Emerging consumer use cases in crypto: driving adoption for the next bull run?
Summary: There are emerging consumer use cases of blockchain in both the physical and virtual worlds, beyond trading and decentralized finance. In the physical world, blockchain enables incentivization and coordination of users via a token, allowing projects to bootstrap growth, save CAPEX and reward early adopters for their physical work. In the digital world, blockchain enables direct distribution of content to users, allowing them to be rewarded for their work on the story or on the intellectual property. By allowing the users to take ownership and monetary benefits of their participation in the application, we think new emerging consumer use cases of blockchain are likely to drive further adoption of crypto.
Traditional investors think that there are no use cases for blockchain, beyond trading and decentralized finance. However, new consumer use cases emerge in what we call the ownership economy of Web3: the internet where participants can own the assets and participate in the open economy. We categorize these use cases into two categories depending on which part of our lives they affect:
i) Physical world
ii) Virtual world
The physical world use cases are opening new experiences and business models that were previously not possible.
1. Fan tokens allow sports clubs to enhance engagement and lifetime value of super fans.
2. Fashion brands are bridging physical items with digital twins, allowing for an expression of our digital identity online and new possibilities of personalization in the virtual everyday experience.
3. Coordination networks and activity gamification applications allow for the creation of new gig economy business models and incentivizes human coordination to solve large-scale problems.
4. Event-management applications facilitate the usage of NFTs in real-world event ticketing and to subsequently reach and monetize customers post-event.
Use cases within the virtual world are transforming existing Web 2 closed-economy business models through the lens of open economy leverage (enabled by blockchain).
1. In gaming and comics, blockchain-enabled digital ownership allows new experiences to be created in which fans and creators contribute to the content, collaboratively build intellectual property, and contribute to earn. An example is Ev.io, a game in which advertising revenue is shared with NFT holders, or PUNK!, a comics series that provides backstories about the NFT collection.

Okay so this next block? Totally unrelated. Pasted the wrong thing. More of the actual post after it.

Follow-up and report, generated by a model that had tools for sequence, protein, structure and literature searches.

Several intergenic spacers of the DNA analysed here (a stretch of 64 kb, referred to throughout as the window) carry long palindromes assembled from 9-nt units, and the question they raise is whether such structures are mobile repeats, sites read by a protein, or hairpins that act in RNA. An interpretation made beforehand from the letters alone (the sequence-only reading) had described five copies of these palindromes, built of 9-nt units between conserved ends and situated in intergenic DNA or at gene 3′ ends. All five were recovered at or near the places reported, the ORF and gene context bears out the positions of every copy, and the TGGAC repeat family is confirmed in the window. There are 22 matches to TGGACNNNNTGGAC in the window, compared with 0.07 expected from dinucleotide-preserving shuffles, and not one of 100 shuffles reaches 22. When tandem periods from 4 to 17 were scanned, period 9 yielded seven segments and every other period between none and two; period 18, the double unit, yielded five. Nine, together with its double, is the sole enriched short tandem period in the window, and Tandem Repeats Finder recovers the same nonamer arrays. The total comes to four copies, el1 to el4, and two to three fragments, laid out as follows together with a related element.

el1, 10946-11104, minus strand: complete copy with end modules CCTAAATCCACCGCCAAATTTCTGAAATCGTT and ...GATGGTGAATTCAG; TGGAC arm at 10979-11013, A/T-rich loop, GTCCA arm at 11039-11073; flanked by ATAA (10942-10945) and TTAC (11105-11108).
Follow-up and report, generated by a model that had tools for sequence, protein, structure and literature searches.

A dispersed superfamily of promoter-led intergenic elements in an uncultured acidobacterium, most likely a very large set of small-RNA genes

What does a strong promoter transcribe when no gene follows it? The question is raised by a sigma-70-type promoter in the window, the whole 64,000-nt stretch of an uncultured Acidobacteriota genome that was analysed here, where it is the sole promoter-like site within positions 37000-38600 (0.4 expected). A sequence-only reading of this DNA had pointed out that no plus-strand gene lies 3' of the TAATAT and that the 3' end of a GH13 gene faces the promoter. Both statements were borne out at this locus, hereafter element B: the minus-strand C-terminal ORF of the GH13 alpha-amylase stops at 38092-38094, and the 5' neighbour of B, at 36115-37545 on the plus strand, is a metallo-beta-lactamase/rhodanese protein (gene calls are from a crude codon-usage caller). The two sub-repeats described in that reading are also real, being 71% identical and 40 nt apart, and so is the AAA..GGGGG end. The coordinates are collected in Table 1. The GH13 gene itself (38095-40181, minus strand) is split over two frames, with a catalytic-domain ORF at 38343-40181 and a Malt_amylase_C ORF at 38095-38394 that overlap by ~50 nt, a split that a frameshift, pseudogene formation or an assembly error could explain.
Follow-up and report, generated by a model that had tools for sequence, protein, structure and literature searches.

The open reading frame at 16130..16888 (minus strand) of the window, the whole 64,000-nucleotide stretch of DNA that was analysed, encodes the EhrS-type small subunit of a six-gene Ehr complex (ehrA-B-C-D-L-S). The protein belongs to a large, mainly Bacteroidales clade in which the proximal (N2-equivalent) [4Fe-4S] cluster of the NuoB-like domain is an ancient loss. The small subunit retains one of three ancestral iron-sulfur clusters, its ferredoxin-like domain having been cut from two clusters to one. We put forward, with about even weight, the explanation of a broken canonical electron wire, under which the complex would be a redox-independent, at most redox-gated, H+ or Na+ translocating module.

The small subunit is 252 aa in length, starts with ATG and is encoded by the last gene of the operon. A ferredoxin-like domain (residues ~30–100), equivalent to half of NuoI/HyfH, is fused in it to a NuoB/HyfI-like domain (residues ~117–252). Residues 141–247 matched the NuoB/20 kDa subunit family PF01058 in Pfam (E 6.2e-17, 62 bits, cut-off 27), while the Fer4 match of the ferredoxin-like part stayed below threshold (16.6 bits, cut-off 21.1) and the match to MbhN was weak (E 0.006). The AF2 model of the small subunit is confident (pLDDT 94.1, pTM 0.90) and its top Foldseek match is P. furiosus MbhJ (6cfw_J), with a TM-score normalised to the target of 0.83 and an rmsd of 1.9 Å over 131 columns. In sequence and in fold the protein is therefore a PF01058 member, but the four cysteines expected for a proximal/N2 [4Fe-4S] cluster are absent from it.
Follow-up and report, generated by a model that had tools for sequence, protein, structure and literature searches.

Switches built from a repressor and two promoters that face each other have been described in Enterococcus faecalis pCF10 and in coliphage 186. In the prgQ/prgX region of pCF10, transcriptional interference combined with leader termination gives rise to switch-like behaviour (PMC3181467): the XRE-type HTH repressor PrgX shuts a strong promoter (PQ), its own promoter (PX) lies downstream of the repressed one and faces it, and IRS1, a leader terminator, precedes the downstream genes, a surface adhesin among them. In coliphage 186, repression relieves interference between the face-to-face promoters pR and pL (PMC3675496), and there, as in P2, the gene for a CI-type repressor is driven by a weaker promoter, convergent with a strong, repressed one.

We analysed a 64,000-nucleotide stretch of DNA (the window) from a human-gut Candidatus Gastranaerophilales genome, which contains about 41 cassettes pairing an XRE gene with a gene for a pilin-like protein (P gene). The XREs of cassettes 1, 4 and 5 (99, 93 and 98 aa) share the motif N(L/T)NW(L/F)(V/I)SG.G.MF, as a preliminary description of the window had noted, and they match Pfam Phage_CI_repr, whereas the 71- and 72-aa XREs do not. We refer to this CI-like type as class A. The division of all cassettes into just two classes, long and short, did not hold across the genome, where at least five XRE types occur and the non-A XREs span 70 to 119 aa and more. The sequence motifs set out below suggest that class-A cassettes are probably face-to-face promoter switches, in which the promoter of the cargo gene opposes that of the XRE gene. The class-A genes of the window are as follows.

2. In social networks, users’ social graphs are stored on blockchain instead of needing to be established separately across multiple centralized content platforms, such as YouTube and Twitch, which allows for the easy migration of fans and creators between platforms. Since ownership of the user data is being transferred to users, there is no room for predatory rent-seeking terms of service, as is currently happening in Web 2 monopolies (e.g., YouTube takes 45% of the revenue generated by the creator).
3. Loyalty programs using blockchain allow communities to be supercharged around brands and reward contributions from members. As an example, Reddit enables the sub-reddits to create custom tokens that can be used within the community to reward participation or meaningful contributions. For example, the MOONs token can be earned within the sub-reddit based on contributions or through tips and it can be sold or utilized for the governance of the forum.
4. Advertising is enhanced with on-chain events as the data available on the blockchain is improving ad targeting based on referral attribution and previous spending. The holy grail of advertising.
Let’s dive deeper into the most impactful use cases to understand them in more depth.
Physical world use cases
For many people, sports are an indispensable part of life and the experience of being a sports fan is enhanced with fan tokens. Trading volume of fan tokens in September reached over $6bn. Comparing it to overall NFT trading volumes, it is already 11x larger. Issuance of fan tokens through Socios generated $200m for the sports industry, which is still small compared to the $22bn market of licensed sports merchandise.